Research shows that the combination of MAT and counseling can help prevent relapse and reinforce recovery. MAT can help heal the physical changes in the brain, block the euphoric effects of substances, and relieve cravings. This provides a whole‑patient approach to the treatment of substance use disorders. MAT has been shown to:
Providence Recovery only uses FDA-approved medications such as Suboxone and Vivitrol.
The following medications will act on the receptors in your brain, reducing cravings, preventing withdrawal symptoms and/or blocking the effects of a substance.
Unfortunately, there are many common misperceptions about medication assisted treatment.
This is false. Our professionals use FDA-approved substances which are safer and long-acting to help individuals reduce the risk of relapse.
Addiction is a disease, and, like other diseases, it can be treated with medication.
Addiction is hard to overcome alone. At Providence Recovery, our goal is to help you through your addiction treatment and into recovery by any means necessary. Our program is patient-centered, and we promise to direct your care with informed and evidence-based practices, including MAT if needed.
If an individual completes treatment and uses the same amount of substances they used prior to treatment, it could be life-threatening or fatal. MAT can help an individual decrease their risk of an overdose.
A sober living home helps prepare individuals for life outside of treatment. Providence Recovery is in the process of developing a sober living home that is mindfully suited for individuals who are in early recovery. Residents who stay in our home will go through recovery together, share life experiences and work through life’s issues. In this environment, residents will develop skills that will help them build a productive life within their community.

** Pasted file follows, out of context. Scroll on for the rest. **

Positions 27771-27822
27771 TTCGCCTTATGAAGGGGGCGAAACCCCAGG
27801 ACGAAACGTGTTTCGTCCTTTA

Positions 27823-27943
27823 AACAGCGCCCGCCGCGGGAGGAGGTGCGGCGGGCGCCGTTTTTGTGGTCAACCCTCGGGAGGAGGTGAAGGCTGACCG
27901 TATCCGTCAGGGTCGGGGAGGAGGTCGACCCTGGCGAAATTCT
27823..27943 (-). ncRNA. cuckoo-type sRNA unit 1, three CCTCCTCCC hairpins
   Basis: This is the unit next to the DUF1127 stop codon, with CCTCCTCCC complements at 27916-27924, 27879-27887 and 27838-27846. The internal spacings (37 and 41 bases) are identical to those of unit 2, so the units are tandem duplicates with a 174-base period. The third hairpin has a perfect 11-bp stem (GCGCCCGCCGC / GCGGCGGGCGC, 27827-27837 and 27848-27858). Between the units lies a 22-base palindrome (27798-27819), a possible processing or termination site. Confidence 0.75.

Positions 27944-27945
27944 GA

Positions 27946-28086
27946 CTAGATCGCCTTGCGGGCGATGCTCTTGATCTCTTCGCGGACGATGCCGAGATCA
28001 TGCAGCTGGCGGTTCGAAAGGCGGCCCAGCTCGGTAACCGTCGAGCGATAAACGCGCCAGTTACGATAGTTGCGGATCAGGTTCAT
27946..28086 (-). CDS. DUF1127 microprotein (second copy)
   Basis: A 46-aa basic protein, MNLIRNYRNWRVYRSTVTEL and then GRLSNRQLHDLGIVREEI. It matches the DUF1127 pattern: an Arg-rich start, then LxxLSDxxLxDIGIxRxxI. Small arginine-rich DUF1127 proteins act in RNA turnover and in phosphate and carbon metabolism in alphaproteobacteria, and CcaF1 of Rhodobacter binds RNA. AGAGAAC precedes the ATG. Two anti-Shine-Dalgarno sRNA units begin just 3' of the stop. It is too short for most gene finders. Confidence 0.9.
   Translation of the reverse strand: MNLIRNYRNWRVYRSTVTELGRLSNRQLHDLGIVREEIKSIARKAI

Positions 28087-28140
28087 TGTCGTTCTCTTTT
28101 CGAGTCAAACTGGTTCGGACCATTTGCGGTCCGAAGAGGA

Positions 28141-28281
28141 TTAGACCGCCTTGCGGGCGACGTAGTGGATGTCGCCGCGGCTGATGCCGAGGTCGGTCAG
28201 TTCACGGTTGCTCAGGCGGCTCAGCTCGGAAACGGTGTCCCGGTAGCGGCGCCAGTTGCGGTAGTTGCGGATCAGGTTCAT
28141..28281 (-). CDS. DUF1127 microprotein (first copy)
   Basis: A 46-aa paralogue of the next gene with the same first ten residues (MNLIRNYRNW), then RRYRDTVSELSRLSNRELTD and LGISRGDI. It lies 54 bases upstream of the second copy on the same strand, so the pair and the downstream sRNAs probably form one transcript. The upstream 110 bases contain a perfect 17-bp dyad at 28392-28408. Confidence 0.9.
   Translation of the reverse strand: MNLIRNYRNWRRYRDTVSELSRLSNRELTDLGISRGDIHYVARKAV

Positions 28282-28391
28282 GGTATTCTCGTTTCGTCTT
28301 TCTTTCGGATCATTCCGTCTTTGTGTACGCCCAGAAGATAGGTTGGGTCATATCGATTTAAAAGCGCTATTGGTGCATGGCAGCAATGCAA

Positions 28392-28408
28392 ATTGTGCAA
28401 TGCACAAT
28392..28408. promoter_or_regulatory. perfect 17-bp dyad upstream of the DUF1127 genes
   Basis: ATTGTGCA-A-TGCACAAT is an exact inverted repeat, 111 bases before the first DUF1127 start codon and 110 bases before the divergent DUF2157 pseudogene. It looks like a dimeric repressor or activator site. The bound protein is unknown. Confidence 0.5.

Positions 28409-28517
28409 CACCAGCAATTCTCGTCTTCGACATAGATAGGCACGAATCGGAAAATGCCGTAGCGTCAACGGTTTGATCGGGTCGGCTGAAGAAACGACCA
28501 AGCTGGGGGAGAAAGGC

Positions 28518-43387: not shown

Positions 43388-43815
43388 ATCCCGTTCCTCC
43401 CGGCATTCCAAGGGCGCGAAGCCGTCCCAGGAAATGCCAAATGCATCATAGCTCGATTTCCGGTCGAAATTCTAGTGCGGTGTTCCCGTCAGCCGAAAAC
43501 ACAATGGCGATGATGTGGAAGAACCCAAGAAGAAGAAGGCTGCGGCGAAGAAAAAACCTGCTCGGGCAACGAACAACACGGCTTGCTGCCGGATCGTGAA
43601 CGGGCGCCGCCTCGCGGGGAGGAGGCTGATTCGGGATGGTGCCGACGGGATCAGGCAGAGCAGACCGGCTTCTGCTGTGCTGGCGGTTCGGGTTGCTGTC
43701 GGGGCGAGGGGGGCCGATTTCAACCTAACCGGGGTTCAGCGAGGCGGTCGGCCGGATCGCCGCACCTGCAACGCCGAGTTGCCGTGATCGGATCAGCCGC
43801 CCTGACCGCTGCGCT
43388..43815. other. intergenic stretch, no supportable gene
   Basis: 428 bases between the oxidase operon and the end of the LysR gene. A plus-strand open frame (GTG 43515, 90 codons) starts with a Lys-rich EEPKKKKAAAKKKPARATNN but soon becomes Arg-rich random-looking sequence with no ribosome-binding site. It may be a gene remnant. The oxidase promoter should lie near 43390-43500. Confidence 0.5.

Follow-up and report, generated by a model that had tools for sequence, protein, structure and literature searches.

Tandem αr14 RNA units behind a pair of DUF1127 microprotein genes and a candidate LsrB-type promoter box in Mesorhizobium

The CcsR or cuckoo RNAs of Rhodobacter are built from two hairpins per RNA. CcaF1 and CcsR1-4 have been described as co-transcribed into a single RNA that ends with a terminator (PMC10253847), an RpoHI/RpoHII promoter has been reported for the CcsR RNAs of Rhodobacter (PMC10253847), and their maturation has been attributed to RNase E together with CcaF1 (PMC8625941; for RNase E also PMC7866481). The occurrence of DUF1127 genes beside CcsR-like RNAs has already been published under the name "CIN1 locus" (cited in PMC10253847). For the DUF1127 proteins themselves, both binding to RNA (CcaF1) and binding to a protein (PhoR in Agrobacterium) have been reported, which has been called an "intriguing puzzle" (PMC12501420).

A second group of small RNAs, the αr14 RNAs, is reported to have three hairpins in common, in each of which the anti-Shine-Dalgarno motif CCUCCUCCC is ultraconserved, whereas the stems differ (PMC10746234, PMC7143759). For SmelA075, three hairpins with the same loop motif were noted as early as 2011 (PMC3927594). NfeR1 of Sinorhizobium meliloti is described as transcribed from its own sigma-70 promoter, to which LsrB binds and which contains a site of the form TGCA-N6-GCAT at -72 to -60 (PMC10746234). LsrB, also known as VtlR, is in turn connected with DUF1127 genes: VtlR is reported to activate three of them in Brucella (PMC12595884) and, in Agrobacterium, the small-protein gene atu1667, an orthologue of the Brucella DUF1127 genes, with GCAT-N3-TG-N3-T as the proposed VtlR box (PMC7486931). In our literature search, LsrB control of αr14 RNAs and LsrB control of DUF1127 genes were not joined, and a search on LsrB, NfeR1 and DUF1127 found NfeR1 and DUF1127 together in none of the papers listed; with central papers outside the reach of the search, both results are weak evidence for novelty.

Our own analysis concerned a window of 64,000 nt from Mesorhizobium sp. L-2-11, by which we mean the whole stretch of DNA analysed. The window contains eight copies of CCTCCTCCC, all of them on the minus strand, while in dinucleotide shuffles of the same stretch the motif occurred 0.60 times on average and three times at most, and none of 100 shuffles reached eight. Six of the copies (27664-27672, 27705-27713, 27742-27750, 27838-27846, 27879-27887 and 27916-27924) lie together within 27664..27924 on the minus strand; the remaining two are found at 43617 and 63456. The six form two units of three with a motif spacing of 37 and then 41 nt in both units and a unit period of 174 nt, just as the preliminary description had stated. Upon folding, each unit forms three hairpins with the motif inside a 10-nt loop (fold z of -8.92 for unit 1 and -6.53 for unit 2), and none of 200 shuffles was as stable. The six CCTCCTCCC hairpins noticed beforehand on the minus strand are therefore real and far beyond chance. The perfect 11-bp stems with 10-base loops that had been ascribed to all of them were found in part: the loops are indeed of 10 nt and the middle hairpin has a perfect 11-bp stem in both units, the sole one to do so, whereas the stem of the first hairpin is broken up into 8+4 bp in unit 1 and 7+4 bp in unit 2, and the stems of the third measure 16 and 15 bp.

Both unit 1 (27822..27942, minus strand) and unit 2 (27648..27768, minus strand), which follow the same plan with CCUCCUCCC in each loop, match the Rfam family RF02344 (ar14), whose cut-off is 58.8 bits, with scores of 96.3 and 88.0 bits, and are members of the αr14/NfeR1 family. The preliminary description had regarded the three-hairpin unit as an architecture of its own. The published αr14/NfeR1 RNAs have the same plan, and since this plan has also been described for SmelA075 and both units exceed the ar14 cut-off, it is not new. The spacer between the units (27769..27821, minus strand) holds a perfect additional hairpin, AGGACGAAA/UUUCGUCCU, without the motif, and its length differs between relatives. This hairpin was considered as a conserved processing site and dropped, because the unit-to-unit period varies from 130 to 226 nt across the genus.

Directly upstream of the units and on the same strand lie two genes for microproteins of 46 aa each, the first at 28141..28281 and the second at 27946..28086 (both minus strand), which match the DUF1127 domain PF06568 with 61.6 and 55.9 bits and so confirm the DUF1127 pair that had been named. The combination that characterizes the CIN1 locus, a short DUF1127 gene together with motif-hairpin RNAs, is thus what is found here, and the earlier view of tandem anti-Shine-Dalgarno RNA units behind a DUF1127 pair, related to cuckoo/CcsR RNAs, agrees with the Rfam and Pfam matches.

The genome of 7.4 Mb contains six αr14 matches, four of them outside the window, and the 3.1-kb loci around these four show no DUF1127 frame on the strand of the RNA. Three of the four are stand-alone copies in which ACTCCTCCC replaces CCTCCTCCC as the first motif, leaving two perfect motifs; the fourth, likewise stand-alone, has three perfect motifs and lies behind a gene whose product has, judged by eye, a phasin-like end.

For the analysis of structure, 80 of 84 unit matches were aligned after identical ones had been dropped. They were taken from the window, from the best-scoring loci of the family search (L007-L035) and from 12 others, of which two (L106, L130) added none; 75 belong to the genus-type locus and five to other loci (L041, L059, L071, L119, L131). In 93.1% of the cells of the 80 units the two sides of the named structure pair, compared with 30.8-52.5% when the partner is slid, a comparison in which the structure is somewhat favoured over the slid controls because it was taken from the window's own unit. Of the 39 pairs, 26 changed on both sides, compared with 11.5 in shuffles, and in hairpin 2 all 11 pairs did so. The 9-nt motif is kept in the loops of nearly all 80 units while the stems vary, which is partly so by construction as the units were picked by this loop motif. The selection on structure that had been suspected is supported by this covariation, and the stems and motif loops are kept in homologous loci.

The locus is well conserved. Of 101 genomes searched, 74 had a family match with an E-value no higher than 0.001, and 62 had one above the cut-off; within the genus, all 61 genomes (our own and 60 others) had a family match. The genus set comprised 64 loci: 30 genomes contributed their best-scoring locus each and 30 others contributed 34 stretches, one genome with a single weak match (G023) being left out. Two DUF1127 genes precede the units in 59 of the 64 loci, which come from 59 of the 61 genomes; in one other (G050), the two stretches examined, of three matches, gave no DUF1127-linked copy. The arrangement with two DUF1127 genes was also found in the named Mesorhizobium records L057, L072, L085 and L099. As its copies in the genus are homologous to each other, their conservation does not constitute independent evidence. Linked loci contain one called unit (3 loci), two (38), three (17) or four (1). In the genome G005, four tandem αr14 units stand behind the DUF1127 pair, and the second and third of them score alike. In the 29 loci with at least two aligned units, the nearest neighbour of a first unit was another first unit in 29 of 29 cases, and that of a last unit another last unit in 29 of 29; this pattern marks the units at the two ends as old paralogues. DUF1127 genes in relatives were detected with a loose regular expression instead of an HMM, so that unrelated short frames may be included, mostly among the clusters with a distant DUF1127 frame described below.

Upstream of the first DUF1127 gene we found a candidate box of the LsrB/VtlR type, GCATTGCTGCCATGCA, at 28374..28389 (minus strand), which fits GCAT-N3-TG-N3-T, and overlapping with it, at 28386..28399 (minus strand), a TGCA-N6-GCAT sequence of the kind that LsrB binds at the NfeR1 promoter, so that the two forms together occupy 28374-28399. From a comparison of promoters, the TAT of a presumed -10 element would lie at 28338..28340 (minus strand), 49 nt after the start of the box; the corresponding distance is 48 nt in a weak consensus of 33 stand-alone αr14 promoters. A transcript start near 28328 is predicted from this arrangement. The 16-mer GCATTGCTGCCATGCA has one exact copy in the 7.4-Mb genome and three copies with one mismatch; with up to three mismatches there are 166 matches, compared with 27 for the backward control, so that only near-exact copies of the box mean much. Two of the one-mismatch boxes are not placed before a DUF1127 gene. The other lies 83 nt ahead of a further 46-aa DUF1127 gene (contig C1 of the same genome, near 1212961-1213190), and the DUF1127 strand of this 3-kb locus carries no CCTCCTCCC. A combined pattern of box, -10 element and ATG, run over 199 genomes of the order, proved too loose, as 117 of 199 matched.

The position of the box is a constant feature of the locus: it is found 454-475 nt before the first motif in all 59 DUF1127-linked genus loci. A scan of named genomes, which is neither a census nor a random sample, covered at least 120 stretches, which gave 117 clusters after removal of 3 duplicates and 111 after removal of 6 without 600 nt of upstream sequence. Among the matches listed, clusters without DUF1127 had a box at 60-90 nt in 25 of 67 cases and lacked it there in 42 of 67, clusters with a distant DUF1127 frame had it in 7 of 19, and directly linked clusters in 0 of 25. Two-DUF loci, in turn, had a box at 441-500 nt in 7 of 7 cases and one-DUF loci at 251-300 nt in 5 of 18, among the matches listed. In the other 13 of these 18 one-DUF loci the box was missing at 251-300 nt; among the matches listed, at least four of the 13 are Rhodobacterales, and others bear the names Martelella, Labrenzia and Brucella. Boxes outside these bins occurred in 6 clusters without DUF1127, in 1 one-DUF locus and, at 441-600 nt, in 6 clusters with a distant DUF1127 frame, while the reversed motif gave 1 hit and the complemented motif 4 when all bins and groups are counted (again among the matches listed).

During this time, our residents will be encouraged to join a 12-step program of their choice, as well as attend regular treatment sessions. While in our sober living home, residents will maintain accountability, build a community of peers, and find hope and fulfillment. Residents will also:
Remain abstinent from drugs and alcohol
Commit to their personalized care plan
Agree to random drug testing
Meet curfew hours
Attend 12-step groups, of their choice
Participate in productive activities
Maintain a weekly schedule (community house meetings, work, treatment sessions, group, house chores)
Maintain the home and personal space (personal and group chores)
Practice accountability in their personal life and treatment
Pay program fees on time
A sober living home is ideal for an individual who wants to transition back into life with the help of a structured environment.
At Providence Recovery, we want to ensure that individuals who come into our care are currently in a positive home environment. If they are not, we encourage them to apply to our sober living home.
Our intake process is simple:
Once accepted, the house manager will coordinate a move-in time. Items that individuals are permitted to bring include bed and bathroom lines, toiletries, cell phones, cars (if applicable), any prescribed medications (approved by house manager), insurance cards, clothing (formal and informal), as well as initial groceries.